The yellow line in football is the digital image of the spot of the first down marker used on television to make watching a game easier. The line is a near exact measurement of the 10 yards needed to gain.
Players are not able to see the line on the field when they play. The line is generated by computers and projected onto the television broadcast as a special effect. It may look like it is part of the field because when players run through the line it appears as if they are standing on top of it. That effect occurs because the technology only displays the yellow color on top of the colors green (grass) and brown (dirt).
The yellow line officially made its debut during an edition of Sunday Night Football, September 27th 1998. It was not ready during the first week of the season due to ironing out one final bug, so it was not until week four when it was first aired. Stan Honey is credited with the invention of the yellow line, working with a company called Sportvision. The technology was called First and Ten and generated an overwhelmingly positive reaction from football fans.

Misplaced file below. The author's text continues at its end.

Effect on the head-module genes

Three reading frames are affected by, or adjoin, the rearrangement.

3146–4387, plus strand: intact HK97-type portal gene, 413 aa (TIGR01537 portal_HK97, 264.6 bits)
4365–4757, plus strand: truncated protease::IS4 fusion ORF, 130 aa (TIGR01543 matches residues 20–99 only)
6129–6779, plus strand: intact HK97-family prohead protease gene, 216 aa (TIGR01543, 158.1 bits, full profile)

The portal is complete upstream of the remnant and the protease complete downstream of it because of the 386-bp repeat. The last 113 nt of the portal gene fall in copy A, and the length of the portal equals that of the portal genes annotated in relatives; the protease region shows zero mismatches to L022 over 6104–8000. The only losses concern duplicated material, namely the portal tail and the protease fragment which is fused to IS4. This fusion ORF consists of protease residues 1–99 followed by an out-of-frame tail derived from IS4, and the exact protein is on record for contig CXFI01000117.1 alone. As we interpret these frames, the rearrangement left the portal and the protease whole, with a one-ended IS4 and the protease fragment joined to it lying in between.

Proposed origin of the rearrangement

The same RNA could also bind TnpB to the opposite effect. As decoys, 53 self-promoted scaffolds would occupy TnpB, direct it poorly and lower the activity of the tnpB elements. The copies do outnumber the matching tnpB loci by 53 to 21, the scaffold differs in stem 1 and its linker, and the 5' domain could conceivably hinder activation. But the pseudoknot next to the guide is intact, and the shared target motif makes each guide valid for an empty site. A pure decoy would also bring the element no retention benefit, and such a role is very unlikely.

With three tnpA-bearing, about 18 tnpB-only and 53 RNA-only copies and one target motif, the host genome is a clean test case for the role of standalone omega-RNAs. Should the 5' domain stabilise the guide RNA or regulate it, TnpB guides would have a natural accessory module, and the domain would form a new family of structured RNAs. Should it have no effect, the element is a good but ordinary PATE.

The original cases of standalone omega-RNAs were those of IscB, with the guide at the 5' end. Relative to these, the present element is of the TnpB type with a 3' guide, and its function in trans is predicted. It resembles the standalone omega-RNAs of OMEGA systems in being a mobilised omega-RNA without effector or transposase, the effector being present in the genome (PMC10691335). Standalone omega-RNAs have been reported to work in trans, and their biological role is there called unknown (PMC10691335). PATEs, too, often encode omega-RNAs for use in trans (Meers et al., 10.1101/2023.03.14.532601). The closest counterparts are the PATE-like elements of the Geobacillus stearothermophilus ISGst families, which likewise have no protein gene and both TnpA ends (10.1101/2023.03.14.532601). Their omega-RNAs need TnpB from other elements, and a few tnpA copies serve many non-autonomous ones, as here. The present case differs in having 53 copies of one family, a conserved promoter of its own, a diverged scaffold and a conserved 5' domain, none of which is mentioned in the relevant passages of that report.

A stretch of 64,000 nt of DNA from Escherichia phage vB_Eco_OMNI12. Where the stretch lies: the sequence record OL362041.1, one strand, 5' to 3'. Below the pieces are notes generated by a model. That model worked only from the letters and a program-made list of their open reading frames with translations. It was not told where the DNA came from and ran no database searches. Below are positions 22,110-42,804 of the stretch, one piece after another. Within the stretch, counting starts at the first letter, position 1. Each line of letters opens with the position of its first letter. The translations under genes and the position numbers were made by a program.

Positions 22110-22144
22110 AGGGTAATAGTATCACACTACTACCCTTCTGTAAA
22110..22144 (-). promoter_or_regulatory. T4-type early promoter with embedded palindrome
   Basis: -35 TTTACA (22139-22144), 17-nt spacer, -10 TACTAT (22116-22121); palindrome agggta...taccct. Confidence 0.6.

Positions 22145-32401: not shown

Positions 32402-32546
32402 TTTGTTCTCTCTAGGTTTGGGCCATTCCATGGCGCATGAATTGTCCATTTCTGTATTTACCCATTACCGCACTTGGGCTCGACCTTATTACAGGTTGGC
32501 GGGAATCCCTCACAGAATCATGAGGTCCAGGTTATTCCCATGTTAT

Sportvision is still the company in charge of the magic yellow line seen in football today. It beat out rival company Princeton Video Image to remain the premier yellow first down line company. Since its creation the equipment necessary for the yellow line has drastically decreased, now at games only one person is necessary to operate the technology. Although the design still remains the same, the accuracy of it has improved significantly.